Kaima Unday Barthad (Dry Fried Meatballs) by Shalini Nanda

Seasoned with a fresh green herb paste and a few woody spices,  these meatballs are poached first in simmering water, then fried to a rich brown savouriness in a generous amount of ghee.

They keep well, so were ideal for long train journeys, to be eaten with curd rice. A perfect hot snack with a drink, or a filling for a sandwich or wrap. Serve them with a light pulao, or ghee rice. Oh, and they’re the perfect late night snack, eaten cold from the fridge!

A note on the cooking – in this recipe, I’ve used extra lean ground lamb, which cooks very quickly, so the poaching process is much shorter than if you were to use conventional minced mutton. Keep the water at a very gentle simmer to prevent the meatballs from disintegrating, and fry them carefully. Their texture is more like that of a shami kebab, whereas the ones made with mutton are firmer and will hold their shape better.


Dry fried meatballs

1/2 kg lean, finely minced meat
1 large egg, lightly beaten
Optional: a few curry leaves or 1 – 2 cloves for the poaching liquid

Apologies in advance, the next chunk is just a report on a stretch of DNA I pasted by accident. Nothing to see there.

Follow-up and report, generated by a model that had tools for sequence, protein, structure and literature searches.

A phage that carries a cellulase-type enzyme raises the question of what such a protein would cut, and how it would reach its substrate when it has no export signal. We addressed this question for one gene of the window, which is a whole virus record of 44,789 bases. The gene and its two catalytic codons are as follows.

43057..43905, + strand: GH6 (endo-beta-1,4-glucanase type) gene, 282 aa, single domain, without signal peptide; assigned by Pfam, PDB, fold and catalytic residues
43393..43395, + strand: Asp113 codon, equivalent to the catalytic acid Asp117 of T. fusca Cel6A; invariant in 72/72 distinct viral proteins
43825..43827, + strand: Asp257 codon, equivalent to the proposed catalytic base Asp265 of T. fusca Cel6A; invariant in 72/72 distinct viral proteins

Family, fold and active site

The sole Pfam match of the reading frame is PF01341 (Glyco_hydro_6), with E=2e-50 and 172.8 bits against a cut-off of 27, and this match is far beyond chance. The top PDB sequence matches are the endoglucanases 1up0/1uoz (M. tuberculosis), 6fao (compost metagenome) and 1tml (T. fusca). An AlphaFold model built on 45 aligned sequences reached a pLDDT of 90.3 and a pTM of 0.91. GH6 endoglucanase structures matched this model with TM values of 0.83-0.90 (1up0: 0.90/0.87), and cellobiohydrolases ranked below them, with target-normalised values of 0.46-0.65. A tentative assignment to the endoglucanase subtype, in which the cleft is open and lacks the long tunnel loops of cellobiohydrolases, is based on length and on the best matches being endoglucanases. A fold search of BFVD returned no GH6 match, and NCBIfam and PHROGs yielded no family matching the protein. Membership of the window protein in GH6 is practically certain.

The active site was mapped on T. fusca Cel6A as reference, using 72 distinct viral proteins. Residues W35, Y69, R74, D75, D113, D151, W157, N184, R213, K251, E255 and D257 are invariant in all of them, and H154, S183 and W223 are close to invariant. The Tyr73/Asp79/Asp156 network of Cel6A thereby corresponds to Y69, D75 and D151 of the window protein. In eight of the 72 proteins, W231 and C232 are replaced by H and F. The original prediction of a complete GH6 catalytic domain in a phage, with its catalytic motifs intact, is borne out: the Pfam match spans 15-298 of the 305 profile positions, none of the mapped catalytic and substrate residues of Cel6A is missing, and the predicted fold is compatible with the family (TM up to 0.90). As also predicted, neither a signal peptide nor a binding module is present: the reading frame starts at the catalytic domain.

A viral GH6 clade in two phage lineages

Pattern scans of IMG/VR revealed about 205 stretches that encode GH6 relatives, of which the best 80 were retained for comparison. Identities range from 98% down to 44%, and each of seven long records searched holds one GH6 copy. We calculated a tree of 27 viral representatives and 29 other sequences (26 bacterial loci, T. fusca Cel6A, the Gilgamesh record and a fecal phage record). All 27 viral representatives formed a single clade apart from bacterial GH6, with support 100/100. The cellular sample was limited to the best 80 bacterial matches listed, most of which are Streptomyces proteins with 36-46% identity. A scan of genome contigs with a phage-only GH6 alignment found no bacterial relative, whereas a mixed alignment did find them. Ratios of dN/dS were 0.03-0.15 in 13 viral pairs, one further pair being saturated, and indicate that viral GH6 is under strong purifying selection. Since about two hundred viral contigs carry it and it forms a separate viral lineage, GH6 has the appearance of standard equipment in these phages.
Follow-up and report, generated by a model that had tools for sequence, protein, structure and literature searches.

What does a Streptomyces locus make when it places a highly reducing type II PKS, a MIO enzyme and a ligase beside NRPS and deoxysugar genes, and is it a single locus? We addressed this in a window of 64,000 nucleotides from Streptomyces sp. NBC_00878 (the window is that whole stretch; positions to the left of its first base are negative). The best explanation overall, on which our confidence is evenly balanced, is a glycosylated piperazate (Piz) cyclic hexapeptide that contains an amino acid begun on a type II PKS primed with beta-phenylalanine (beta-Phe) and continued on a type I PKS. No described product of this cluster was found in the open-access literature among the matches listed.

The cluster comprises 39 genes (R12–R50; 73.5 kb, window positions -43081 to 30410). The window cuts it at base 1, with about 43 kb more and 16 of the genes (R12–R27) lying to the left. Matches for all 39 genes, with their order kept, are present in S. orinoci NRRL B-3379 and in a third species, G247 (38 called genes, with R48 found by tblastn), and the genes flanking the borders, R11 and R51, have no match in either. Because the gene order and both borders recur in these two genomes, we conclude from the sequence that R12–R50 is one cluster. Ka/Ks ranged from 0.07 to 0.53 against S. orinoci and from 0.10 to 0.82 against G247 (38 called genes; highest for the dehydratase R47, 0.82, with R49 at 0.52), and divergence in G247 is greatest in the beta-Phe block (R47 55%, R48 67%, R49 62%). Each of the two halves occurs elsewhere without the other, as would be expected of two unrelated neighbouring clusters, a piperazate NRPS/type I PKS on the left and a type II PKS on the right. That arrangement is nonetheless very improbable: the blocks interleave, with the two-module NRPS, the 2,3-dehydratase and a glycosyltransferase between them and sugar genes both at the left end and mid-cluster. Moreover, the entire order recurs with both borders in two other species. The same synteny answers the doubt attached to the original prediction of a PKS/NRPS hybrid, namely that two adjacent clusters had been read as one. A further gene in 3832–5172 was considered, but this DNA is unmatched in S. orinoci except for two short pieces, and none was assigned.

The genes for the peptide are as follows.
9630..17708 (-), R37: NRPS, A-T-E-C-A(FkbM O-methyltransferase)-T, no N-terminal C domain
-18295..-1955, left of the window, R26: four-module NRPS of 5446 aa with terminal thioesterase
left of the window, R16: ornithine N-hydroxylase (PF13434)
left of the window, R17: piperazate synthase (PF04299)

Grind together:

5 green chillis (or to taste)
1/2 tbsp fresh ginger paste
1/2 tbsp fresh garlic paste
1/2 cup packed fresh coriander
3 tbsp fresh,grated coconut, ground to a fine paste
2 tbsp lime juice
1 tsp salt or to taste

Very lightly roast and powder:

1” stick of cassia or cinnamon
5 cloves
5 – 6 black peppercorns
Knead all the above ingredients together thoroughly.

To finish:

2 – 3 tbsp ghee
Combine all the ingredients and knead together. Form into small balls – you should be able to make approx 20 – 22 pcs from this mixture.

In a wide, shallow pan, bring 2 – 3 cups of water to a gentle simmer and put the meatballs in. If using curry leaves or cloves, add them to the water now. Poach the meatballs in the simmering water, turning to cook evenly.

When they are cooked through, remove the meatballs to a plate and boil off any remaining liquid. Discard the cloves/curry leaves. Add the ghee to the pan and sauté the meatballs to a rich golden brown.

Serve hot with wedges of lime.

About The Contributor:

Biddanda Shalini Nanda Nagappa is a Canada-based food blogger and hosts ‘A Cookery Year in Coorg’, the most authentic Kodagu food blog. Shalini is very passionate about Kodagu food culture and has taken the pain to dig deep into the history of the culinary habits of Kodagu people. Her popular blog features well-researched articles and family recipes.

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